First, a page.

This Wednesday, the DC Council will hold a hearing on a bill that would make it much easier for public charter schools to gain access to facilities not being used by the DC Public Schools system. The District’s charter schools, which enroll more than 40 percent of DC students, have a great demand for adequate buildings, but advocates say the current process of trying to transfer unused DCPS facilities to charter schools is difficult and lacks transparency.
The Comprehensive Planning and Utilization of School Facilities Act of 2013calls for an annual review of school facilities and establishes a process for surplus DCPS properties no longer needed for classroom, instruction, swing space or administrative purposes. The bill would require the Chancellor to submit an “Educational Facilities Plan” every year to describe DCPS facility needs for the next five years and offer recommendations on whether or not vacant properties will be needed in the near future. The District’s Department of General Services would determine which DCPS properties are considered surplus and keep a list of such properties online. The proposed bill would begin this process by declaring 12 DCPS properties, many of which were closed this past year, as surplus.
Many public charter schools say they are unable to secure suitable facilities to meet their needs due to the high cost of real estate in DC. According to this bill, “high-performing and financially sound” public charter schools would be one of the types of entities given the “right of first offer,” or the first pick of surplus DCPS facilities to buy or sign a long-term lease. The proposed bill also would allow the Public Charter School Board to sue the District on behalf of a public charter school if the District does not comply with the first-offer requirement.
The intent of this legislation is to promote better planning and use of school facilities — a good goal addressing a real need — but it falls short. While it tries to resolve the issue of getting surplus facilities in the hands of charter schools, the proposal needs to establish more flexibility for DCPS to reclaim properties in the future after they are leased to private entities, if there is a need. For example, what if a public charter school obtains a long-term lease for a DCPS building next year, but five years from now is using only half of the facility? The legislation should allow the District to reclaim the unused space under these conditions.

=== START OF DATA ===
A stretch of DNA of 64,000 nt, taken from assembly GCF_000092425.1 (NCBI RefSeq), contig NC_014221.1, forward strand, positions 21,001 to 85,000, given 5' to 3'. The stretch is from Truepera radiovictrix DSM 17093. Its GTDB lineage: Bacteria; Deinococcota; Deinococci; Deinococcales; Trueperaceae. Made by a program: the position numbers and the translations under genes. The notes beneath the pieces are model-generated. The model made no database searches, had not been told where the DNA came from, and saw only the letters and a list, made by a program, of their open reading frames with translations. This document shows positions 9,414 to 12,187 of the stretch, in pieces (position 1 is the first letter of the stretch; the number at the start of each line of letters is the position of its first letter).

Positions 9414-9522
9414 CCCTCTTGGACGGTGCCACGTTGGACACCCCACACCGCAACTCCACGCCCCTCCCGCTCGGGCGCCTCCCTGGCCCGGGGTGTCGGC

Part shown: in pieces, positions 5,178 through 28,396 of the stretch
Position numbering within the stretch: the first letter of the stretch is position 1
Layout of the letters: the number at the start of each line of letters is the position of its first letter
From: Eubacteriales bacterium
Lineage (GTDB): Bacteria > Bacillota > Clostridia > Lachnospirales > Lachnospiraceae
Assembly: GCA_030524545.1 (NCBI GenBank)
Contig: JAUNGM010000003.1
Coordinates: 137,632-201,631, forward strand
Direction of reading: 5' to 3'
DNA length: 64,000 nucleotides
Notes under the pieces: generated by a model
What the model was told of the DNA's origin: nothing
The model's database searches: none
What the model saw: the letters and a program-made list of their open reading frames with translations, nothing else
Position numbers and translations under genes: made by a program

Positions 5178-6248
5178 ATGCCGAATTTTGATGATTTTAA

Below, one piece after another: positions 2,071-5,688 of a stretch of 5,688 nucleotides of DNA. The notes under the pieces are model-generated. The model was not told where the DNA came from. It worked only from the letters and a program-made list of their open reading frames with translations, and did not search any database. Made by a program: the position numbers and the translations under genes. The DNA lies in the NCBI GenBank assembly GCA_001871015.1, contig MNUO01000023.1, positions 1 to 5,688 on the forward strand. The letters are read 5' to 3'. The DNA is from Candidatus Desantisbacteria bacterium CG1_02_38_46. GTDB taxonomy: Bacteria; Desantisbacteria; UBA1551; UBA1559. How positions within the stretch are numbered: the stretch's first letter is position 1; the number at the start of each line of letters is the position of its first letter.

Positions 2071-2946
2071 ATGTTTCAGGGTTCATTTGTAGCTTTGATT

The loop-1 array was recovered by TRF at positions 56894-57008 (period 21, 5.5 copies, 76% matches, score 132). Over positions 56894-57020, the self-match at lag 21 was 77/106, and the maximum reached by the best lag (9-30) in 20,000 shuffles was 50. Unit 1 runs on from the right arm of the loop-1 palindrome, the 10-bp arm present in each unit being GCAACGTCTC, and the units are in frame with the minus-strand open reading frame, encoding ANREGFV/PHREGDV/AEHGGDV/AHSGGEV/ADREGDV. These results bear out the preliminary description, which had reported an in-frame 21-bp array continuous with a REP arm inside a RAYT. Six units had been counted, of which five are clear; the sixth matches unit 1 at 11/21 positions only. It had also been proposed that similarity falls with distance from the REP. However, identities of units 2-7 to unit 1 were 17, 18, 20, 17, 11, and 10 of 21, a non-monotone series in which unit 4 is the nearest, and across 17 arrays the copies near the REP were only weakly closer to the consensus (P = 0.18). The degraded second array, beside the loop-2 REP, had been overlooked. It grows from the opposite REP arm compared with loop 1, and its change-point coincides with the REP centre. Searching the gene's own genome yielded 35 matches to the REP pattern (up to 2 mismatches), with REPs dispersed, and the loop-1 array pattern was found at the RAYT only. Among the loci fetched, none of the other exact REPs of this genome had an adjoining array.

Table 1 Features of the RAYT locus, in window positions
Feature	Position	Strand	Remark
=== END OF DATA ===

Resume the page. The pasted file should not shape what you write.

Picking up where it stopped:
The bill will need to set more specifics on how to make the disposition process more transparent, beyond requiring the list of surplus properties to be published. What’s more, the bill appears to streamline the process only for charter schools — without addressing other potential uses. For residents who are worried about the loss of community assets — the parks, grounds, and other public spaces within school facilities that would no longer be accessible to residents — there should be an appropriate avenue to express how a vacant DCPS property should be used, and a thoughtful process to determine how the city might use the surplus facilities to meet a neighborhood’s most pressing needs.
The bill also would expand litigation and in a way that puts the burden mostly on DCPS. A comprehensive facilities plan for both sectors should address the potential consequences of such a policy and examine what is ultimately in the public’s interest, rather than in the interest of one school sector.
Councilmember Catania, the bill’s sponsor, has acknowledged that these proposals are intended to spark a conversation on important issues and that the final legislation is open to change based on community input. We hope DCFPI’s issues will be considered as the bill moves forward.
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